One of the most important things you can do as a graduate student is to start thinking about your career goals early in your program. Here are a few concrete actions you can take early on that will set you up for success as your job search approaches.
Put together a solid CV
Your resume or older CV could probably use a formatting tune-up and updating to include more recent accomplishments. Drafting a new document, rather than just updating an older one, is a great way to start fresh with your new set of experiences (and without formatting artifacts!).
Use these resources to craft a solid, comprehensive CV that conforms to field norms around format and content:
- The Career Services CV Guide
- Books like The Academic Job Search Handbook or The Professor Is In
- Trusted sources like The Chronicle of Higher Education
Working on your CV early in your program can help give you a jump on the competition for fellowship and grant applications. It will also allow you to identify and remedy any areas in your CV that are not as robust as you’d prefer.
Networking is key within academia as well as outside it. Keep appropriate social media accounts active and engage in social media activity with your field contacts and colleagues. This includes Researchgate.net, Academia.edu, “Science Twitter” and other similar platforms.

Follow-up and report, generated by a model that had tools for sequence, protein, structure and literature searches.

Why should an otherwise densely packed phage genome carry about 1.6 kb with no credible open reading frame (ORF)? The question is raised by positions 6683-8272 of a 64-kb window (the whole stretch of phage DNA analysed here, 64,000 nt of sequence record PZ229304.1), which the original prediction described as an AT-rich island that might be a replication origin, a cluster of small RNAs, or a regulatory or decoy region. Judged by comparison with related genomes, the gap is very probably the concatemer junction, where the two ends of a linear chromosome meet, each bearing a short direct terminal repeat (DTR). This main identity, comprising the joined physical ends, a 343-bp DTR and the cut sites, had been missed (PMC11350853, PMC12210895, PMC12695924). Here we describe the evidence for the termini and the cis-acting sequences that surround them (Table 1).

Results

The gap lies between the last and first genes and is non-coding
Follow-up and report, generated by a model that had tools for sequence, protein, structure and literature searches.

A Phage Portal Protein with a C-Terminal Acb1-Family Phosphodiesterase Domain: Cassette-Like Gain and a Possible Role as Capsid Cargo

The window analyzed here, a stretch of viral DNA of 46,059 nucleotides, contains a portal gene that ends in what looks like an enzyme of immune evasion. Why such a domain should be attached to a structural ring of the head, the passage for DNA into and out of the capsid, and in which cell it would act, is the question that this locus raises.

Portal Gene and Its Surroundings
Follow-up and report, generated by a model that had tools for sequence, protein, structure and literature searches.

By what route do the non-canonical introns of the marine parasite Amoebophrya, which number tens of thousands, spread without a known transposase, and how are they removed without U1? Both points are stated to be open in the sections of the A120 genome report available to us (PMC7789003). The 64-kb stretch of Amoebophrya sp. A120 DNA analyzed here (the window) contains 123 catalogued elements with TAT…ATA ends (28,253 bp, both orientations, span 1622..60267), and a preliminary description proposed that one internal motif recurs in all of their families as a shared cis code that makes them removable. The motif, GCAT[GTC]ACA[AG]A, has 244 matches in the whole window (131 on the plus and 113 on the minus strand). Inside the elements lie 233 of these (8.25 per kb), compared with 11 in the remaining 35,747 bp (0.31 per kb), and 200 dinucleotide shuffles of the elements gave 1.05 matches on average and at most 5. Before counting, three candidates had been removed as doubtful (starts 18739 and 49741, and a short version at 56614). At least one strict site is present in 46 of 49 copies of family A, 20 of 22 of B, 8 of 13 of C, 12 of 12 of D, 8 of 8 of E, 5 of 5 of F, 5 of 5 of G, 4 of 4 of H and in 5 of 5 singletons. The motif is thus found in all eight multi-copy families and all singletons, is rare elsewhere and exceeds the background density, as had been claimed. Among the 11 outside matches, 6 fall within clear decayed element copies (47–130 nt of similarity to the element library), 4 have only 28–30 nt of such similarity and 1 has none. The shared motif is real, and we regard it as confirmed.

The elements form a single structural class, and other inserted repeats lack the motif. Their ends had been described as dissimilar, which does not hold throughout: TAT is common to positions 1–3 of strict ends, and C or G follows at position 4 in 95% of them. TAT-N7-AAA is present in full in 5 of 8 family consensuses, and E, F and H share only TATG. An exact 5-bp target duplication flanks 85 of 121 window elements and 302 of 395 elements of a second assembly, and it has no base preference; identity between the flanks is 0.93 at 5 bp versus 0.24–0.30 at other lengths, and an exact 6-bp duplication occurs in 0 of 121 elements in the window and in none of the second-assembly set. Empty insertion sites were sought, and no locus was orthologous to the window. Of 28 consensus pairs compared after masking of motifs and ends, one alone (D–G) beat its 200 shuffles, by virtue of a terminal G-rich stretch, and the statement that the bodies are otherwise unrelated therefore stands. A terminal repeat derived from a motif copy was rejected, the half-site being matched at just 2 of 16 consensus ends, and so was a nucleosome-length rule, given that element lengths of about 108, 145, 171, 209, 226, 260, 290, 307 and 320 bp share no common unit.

Actively network at conferences and workshops, both virtual and in-person. Introduce yourself and chat with speakers and panelists brought in by your program or department. The connections you make and maintain now can help you later in your job search.
Identify valuable experience and skills
Consider the experience and skills that will make you valuable as a candidate, and then work to gain or hone those qualifications. Whether you plan to remain in academia or move into government, industry or non-profit work, every path has a preferred set of qualifications.
Research your chosen career path and determine what experience and skills are required to succeed, and then carefully evaluate your CV for those qualifications. Where you fall short, be alert for opportunities to acquire or improve them.
If you put time and effort into these career-building activities early in your program, you will be ready to take advantage of opportunities as they arrive.
To talk more about your goals and how to get there, make an appointment with a graduate career advisor. Career Services is open for virtual visits over the summer via Zoom, phone or LiveChat on the Career Services website Monday–Friday, 9 a.m. to 4 p.m. Learn more about virtual appointments and drop-in hours.